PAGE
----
Is Pet Insurance Worth It?

pet insurance

Most veterinarians recommend pet owners purchase insurance, but is pet insurance worth it?

That decision is ultimately yours.

Instead of being sold another financial product, ask yourself the question – Is pet insurance worth it for your family’s needs (four-legged family members included)?

Keep in mind that like other types of insurance, pet insurance is designed to ease the burden of costs for emergencies, such as broken bones, surgeries, or cancer.

It is not generally designed to ease the costs of pet ownership and basic medical care.

But what do you do if your pet is injured or sick and you can’t afford the costs of medical care? Without pet insurance, you either pay out of pocket, put it on a credit card, or start a payment plan.

For some pet owners, this thought is enough to make them consider paying for pet insurance monthly.

According to Value Penguin, in 2021, “The average monthly cost of pet insurance is $48.78 for dogs and $29.16 for cats for plans that cover both accidents and illnesses.” The costs range from $25 – $70 per month for dogs and $10 – $40 for cats.

Like life insurance, there are several factors that determine what you will end up paying for pet insurance, including the species, breed, age, where you live, and pre-existing conditions.

The cost of pet insurance tends to be higher for dogs, older animals, and larger animals, since these types of animals tend to have more health issues.

It is also important to note that the cost of pet insurance will depend on the type of coverage you choose.

If you select a comprehensive plan that covers accidents, illnesses, and vaccinations, you’ll pay more than a plan that only covers accidents.

Forbes Advisor compared the average cost of pet insurance and found:

Accident and illness coverage for dogs is $585.40 annually. Accident-only coverage for dogs is $194.09 annually.

Accident and illness coverage for cats is $349.93 annually. Accident-only coverage for cats is $126.08 annually.

Beyond weighing the overall costs of pet insurance, there are several other factors you should consider when trying to determine if pet insurance is worth it for your four-legged family member.

What Does Pet Insurance Cover?

Similar to health insurance, pet insurance policies generally have deductibles, which means you will be responsible for paying a veterinarian out of pocket before your pet insurance coverage kicks in.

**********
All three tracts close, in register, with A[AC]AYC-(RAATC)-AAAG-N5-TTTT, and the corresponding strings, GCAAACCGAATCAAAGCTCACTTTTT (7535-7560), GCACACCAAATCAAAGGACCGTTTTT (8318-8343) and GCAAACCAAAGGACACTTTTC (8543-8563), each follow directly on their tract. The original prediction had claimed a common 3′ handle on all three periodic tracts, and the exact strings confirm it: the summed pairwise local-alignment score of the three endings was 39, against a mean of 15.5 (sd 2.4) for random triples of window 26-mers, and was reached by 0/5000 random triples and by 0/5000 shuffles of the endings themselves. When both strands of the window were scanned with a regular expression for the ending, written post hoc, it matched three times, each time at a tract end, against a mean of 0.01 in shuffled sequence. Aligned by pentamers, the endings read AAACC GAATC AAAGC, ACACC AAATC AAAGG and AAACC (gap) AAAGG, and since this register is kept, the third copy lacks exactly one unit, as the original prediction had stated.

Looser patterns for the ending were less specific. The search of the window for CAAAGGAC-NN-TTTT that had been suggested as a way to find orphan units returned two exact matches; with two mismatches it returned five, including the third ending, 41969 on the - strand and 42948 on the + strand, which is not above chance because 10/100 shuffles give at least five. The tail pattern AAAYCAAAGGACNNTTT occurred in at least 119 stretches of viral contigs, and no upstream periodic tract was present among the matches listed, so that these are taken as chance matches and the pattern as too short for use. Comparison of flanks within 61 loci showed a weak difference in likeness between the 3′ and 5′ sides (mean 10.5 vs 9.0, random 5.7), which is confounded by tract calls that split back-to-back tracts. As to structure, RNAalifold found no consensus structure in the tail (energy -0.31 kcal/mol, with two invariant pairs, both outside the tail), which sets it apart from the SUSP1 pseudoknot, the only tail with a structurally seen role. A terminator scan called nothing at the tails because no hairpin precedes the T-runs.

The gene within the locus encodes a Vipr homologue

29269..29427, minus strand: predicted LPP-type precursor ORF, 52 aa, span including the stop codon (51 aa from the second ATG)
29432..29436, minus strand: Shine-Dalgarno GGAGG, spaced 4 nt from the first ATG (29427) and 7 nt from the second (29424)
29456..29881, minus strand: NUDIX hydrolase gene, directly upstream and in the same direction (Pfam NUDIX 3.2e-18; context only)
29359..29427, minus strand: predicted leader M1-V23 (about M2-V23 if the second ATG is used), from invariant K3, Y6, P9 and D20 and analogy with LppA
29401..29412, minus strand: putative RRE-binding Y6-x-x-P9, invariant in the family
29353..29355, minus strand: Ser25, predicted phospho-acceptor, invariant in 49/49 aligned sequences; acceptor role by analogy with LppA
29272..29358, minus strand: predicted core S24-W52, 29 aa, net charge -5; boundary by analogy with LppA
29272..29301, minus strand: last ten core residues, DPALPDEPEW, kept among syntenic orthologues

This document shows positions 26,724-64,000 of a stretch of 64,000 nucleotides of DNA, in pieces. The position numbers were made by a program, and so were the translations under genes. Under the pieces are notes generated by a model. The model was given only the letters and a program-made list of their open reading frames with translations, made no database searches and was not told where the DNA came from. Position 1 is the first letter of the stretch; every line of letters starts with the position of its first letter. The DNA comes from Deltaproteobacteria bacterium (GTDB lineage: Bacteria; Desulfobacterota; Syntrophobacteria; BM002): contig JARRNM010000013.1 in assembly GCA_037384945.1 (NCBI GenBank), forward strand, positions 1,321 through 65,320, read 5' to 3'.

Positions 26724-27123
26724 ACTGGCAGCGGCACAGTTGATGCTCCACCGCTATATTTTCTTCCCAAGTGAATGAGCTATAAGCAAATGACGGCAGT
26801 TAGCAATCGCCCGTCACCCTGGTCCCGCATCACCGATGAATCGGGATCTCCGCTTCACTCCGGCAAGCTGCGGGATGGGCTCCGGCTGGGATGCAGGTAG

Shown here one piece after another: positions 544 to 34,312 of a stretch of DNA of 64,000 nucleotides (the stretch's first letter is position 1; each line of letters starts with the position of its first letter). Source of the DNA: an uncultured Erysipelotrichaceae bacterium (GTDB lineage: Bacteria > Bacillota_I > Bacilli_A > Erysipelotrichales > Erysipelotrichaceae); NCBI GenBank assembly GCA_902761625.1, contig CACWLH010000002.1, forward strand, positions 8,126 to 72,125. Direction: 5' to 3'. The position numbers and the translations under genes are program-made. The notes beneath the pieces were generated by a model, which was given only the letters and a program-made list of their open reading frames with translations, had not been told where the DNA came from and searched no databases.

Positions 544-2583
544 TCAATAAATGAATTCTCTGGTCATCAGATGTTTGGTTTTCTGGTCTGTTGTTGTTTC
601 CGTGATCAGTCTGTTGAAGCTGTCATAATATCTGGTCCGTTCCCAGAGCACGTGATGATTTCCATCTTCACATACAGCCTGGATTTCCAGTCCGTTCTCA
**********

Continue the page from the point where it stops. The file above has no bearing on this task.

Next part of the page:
Then, even if you meet your deductible, it doesn’t mean that the pet insurance policy you purchased will cover everything.

A comprehensive plan – Covers a wide range of medical expenses for accidents and illnesses, and also includes diagnostic tests and vaccinations.

Accident and illness coverage Covers veterinarian bills for sudden accidents and illnesses. Sometimes will cover additional medical needs resulting from accidents or illnesses, such as medications.

Accident-only coverage – Covers veterinarian bills for sudden accidents only

Wellness-only plan – Covers wellness exams, vaccinations, flea and tick. medication. Most insurance companies will only sell this type of policy in addition to a standard policy.

Does Pet Insurance Cover Dental?

Routine dental care, such as teeth cleaning, is typically not covered by pet insurance.

The good news is that many pet insurance plans cover dental issues that affect a pet’s overall health, such as dental illnesses and dental accidents.

However, it depends on the policy you select. Some policies only cover accidents, such as broken teeth, but they will not cover dental illnesses, such as periodontal disease.

Does Pet Insurance Cover Pre-Existing and Hereditary Conditions?

Again, it depends on the policy you select, but most pet insurance policies will have stipulations regarding pre-existing or hereditary conditions.

For example, if you have a dog breed that is prone to hereditary conditions like hip dysplasia, your insurance premium may cost more, you may have a higher deductible, or you may have care limits.